Good morning, Greater Sudbury! Here are a few stories to get you started this Saturday morning.
Property owner not convinced New Sudbury neighbourhood right for homeless transitional housing
Although Greater Sudbury city council was unanimous in selecting a New Sudbury-area property for a transitional housing development to help people who are chronically homeless transition into permanent housing, that decision isn’t set in stone. As it stands, the city-owned Lorraine Street property, located west of the Notre Dame Avenue and Lasalle Boulevard intersection in New Sudbury, is slated for at least 28 transitional housing units. Property owner Ron Savage has already been expressing his concerns on social media. Savage owns a six-plex across the street from the development’s proposed location and learned about city council’s decision from a tenant, who in turn learned about it as a result of this week’s media coverage. Although “completely in favour of the program” in general, he said his gut-reaction opposition to council’s site selection is centred on his concern the project will negatively affect his tenants and devalue area properties such as his. He’s also not convinced it’s the right location for a facility. “All your services are downtown … and now you’re going to be hoping that they get the buses to get downtown?” he said. “There’s nothing around (Lorraine Street) unless you’re going to the taxation area or back to school.”
Arrests made in relation to weekend shooting on Lloyd Street
Arrests have been made in the case of a 53-year-old man who was shot on Lloyd Street on Aug. 14. The investigation led detectives with the Criminal Investigation Division to two men believed to be responsible for the attack. A 28-year-old man and a 36-year-old man have each been charged with attempt murder with a firearm, discharging a firearm with intent, pointing a firearm, unauthorized possession of a firearm, knowledge of unauthorized possession of a firearm and possession of a weapon for a dangerous purpose. The 53-year-old victim is expected to make a full recovery, GSPS said.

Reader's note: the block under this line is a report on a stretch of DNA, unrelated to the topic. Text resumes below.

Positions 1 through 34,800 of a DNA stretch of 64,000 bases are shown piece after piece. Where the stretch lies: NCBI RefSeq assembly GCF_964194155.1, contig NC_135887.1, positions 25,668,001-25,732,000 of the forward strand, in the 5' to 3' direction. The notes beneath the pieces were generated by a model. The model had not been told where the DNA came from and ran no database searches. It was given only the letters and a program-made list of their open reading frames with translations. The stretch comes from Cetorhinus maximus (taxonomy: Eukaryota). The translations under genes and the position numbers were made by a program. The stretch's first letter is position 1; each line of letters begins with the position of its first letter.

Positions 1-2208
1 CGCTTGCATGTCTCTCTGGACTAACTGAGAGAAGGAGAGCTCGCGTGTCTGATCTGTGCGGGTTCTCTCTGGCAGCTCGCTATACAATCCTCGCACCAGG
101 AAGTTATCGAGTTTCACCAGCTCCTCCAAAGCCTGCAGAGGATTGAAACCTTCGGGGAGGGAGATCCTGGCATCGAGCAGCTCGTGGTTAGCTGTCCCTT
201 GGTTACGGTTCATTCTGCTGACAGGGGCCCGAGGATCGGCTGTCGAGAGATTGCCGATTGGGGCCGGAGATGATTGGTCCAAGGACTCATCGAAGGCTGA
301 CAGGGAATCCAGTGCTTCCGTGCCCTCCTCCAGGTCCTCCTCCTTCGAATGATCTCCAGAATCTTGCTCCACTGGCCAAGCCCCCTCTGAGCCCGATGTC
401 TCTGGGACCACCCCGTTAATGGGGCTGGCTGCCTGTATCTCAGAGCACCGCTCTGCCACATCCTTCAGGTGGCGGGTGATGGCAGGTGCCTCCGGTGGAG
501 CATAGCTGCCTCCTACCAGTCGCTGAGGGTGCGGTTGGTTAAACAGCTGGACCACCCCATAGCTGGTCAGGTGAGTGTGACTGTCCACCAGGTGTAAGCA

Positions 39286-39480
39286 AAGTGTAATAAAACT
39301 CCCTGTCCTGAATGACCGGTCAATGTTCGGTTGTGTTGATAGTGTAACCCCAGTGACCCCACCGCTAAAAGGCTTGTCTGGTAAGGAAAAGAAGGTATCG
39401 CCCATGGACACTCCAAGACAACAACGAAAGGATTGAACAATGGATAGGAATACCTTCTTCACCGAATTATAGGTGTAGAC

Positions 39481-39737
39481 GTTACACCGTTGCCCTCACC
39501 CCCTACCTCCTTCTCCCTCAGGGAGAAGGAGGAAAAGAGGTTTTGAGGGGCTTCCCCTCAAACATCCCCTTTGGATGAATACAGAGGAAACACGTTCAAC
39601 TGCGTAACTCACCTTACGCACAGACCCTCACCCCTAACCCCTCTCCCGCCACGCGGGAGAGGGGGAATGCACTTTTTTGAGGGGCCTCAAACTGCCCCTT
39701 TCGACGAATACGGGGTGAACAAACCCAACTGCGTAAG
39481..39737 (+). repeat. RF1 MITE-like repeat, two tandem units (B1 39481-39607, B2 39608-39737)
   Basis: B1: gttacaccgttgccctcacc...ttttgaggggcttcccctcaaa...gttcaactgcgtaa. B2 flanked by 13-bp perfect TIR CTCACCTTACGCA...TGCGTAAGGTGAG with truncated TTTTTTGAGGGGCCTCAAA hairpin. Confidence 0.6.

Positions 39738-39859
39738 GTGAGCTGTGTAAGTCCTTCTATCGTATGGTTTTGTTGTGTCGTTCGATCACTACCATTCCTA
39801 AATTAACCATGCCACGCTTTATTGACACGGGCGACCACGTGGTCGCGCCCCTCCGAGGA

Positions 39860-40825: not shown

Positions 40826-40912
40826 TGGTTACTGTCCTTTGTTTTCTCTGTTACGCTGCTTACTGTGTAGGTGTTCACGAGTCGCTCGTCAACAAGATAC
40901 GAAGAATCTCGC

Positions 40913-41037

As new school year approaches, University of Sudbury still waiting on gov’t answers
The University of Sudbury is anxiously waiting on a commitment from the provincial government to gain access to federal funds that would allow the school to become an independent Francophone institution. The federal minister of Economic Development and Official Languages, Mélanie Joly, announced a $121.3 million investment over three years to support post-secondary minority-language education last week. This historic announcement acknowledges the importance of providing government funding to Francophone universities that would not otherwise be able to survive in the current economic and social climate, said a University of Sudbury release. But to gain access to these funds, the university needs the provincial government to agree to spend “a small sum” to administer the funds. “We want part of that money to flow through the community,” said University of Sudbury president Serge Miville. “If we don’t act on this, Sudbury is going to miss out on millions of dollars that would be put towards Francophone post-secondary education.”
NLFB presents 2 days of music in Bell Park Sept. 10-11